Shadows of Self (Mistborn: The Alloy Era #2) by Brandon Sanderson: Book Review

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Shadows of Self shows Mistborn’s society evolving as technology and magic mix, the economy grows, democracy contends with corruption, and religion becomes a growing cultural force, with four faiths competing for converts.

This bustling, optimistic, but still shaky society now faces its first instance of terrorism, crimes intended to stir up labor strife and religious conflict. Wax and Wayne, assisted by the lovely, brilliant Marasi, must unravel the conspiracy before civil strife stops Scadrial’s progress in its tracks.

Shadows of Self will give fans of The Alloy of Law everything they’ve been hoping for and, this being a Brandon Sanderson book, more, much more. A bloody massacre, a hunt for an assassin.

An Invitation to the criminal elite of Elendel from the brother of the city’s governor to an auction for his vote in the senate becomes a death sentences for all involved when an unknown assailant slaughters everyone in attendance.

Waxillium Ladrian investigates and is shocked to discover that the perpetrator may be a kandra calling herself Bleeder. As the servants of Harmony, the god of the religion Wax himself adheres to, the kandra usually operate in secret, and many people think them merely a myth. Now one of the kandra has gone rogue, which shouldn’t be possible.

Wax, Wayne and the brilliant Marasi must track down Bleeder and keep her from assassinating the governor of Elendel and plunging the city into chaos.  Shadows of Self will give fans of The Alloy of Law everything they’ve been hoping for and, this being a Brandon Sanderson book, more, much more.(Goodreads)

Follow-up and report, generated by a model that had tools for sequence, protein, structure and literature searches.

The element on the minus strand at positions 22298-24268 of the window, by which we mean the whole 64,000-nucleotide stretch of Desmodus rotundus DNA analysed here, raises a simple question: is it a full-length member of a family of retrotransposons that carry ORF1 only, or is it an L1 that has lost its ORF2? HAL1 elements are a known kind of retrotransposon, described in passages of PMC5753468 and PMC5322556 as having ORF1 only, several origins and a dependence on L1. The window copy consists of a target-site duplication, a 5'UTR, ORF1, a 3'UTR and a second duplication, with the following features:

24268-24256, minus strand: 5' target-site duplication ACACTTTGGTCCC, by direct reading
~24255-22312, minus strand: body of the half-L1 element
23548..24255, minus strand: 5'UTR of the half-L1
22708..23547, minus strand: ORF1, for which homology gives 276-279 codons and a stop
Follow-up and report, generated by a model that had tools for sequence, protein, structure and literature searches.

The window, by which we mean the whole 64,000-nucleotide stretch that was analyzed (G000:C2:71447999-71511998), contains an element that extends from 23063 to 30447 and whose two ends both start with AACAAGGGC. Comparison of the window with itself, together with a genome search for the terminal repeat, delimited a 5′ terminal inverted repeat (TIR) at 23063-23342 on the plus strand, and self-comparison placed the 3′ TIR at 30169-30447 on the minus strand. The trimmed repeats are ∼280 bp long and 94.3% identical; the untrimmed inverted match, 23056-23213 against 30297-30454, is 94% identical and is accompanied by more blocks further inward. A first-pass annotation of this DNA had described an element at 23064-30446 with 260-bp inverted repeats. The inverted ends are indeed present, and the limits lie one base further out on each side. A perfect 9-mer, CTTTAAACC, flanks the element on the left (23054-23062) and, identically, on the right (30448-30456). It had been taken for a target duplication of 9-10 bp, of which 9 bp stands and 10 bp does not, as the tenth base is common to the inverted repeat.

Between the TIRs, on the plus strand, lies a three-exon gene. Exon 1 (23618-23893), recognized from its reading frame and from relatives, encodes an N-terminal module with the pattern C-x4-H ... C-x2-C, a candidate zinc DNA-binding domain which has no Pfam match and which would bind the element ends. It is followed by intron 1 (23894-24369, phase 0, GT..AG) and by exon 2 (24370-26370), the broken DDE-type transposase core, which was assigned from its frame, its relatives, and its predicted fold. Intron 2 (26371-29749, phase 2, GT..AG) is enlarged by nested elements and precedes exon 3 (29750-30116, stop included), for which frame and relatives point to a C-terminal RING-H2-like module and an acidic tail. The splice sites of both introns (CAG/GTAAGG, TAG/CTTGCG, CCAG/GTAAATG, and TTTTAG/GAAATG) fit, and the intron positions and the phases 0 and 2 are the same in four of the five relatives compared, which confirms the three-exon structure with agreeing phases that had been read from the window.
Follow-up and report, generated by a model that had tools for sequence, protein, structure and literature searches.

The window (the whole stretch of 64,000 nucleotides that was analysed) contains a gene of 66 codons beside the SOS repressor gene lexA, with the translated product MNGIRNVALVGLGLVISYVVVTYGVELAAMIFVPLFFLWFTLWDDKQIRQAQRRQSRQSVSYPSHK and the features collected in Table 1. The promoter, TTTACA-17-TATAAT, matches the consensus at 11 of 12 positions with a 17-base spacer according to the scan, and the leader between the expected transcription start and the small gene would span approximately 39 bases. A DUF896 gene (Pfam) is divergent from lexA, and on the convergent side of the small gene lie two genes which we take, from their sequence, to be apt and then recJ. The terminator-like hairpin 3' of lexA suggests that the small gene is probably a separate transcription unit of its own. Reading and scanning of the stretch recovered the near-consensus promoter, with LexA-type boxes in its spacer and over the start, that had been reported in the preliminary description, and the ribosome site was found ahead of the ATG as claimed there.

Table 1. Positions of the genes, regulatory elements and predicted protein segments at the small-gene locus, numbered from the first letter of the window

My Review

My Rating: 5/5

I’ll be honest. I thought that I would never rate the Era 2 books nearly as highly as the Era 1 books.

I was wrong. VERY wrong.

These books hold their own against the tidal wave that was their predecessors. They are different, being more mystery/thriller books than epic fantasy, which certainly adds to them being independently brilliant.

I almost didn’t pick up this book, however, because I think I read Alloy of Law too soon after finishing Era 1 and the novella Secret History. My mind was still 300 years in the past when I was introduced to Wax and Wayne. That is why, I believe, my review of the first book is not great. I will reread it one day and rectify that.

Wayne is my favourite character, and I think many who read these books agree with me. He’s fun, cheeky, and just seems to glide through life whilst also dealing with a past that haunts him. It makes for a fascinating character.


I don’t know why, but Sanderson has a trope of his own – a man killing his wife in the past is haunted by it and wants to make up for it in some way. That said, he does the trope well and it doesn’t feel like a copy-and-paste job. Sanderson puts a lot of work into making it feel real.


I liked Waxillium much more in this book. He felt more rounded and fully realised. Maybe that was my issue with all of the character in the first book? I often find that in crime novels, it takes a couple of books to get to know the characters well because the book is focusing more on the mystery!

Overall, this was a great read. Definitely one of my favourites.

See more reviews for Brandon Sanderson’s books HERE

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